MemSQL makes it easier to import historical data and query it all under one roof

Buzzworthy in-memory database startup MemSQL will add features that can help more developers get onboard and bring in historical data easily alongside other data already coming in. The goals can help the company make its scalable relational databases more accessible to everyone.

The latest iteration of the database, version 2.1, helps people who don’t speak the popular database query language SQL by allowing imports of old data in .CSV files, which can be created from familiar Excel (s msft) spreadsheets. And loads of large data sets can happen fast, because MemSQL directs lots of compute cores to handle the work in parallel.

And the notion of making it easier to view and analyze more data is an area where MemSQL wants to expand over the next few months. “You’ll continue to see a lot of extended functionality in the system related to data sources and data types,” said Eric Frenkiel (pictured), CEO and a co-founder of MemSQL, which can take on both transactional and analytic tasks.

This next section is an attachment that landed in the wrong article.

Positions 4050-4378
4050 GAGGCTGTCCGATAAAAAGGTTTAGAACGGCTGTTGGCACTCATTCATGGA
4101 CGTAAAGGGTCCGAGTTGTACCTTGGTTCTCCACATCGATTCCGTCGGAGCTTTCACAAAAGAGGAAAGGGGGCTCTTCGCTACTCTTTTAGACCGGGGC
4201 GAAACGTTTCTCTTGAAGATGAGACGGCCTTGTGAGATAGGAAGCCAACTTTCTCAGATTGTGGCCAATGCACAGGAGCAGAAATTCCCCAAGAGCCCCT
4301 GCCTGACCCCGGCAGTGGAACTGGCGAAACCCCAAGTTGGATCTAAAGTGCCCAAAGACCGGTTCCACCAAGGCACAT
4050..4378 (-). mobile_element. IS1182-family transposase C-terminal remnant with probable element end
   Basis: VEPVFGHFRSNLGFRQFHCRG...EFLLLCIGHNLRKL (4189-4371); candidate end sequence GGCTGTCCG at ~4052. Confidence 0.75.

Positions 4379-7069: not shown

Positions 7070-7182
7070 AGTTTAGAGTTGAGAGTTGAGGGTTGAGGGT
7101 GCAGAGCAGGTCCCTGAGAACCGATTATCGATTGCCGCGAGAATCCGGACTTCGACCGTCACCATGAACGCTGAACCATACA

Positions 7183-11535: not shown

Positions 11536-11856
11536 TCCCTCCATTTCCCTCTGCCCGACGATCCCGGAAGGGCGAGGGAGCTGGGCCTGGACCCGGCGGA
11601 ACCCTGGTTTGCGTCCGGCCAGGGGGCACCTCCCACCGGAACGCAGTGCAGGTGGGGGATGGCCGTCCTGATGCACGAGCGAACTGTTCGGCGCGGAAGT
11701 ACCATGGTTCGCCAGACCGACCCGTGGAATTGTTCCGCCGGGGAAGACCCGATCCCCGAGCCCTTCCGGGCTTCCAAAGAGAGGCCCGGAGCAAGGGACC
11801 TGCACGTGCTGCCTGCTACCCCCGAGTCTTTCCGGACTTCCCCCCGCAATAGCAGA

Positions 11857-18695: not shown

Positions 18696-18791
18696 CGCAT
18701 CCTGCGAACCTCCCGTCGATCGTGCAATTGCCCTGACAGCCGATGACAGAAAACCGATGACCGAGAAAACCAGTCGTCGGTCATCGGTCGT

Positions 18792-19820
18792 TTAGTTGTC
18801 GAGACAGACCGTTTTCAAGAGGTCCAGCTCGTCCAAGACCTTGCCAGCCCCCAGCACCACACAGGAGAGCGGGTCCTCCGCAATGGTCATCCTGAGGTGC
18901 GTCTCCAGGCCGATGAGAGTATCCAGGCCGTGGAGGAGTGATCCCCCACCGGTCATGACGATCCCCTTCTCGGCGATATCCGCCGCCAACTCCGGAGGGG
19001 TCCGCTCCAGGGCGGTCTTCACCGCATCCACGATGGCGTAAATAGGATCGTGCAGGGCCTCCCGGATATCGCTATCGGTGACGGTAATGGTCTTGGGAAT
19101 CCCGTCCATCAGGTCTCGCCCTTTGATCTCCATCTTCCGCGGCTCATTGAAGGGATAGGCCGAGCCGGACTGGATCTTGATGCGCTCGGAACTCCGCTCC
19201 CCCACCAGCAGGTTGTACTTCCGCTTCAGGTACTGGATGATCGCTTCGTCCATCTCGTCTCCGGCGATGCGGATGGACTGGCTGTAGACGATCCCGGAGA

For now, in addition to the .CSV uploading, Version 2.1 also lets customers start choosing what columns they want to shard. It also provides a new way to easily install and manage the database using a Linux packet manager. That feature is aimed at “helping out new users, new developers get onto the system very fast,” said Frenkiel, who was a sales engineer at Facebook (s fb) before he and co-founder Nikita Shamgunov joined Y Combinator with little more than a startup idea.

Version 2.1 becomes available next month. Earlier this year MemSQL released a distributed version of its database.

As one of our 2013 Cloud Trailblazers, Frenkiel will talk about the company at our Structure conference in San Francisco on Wednesday.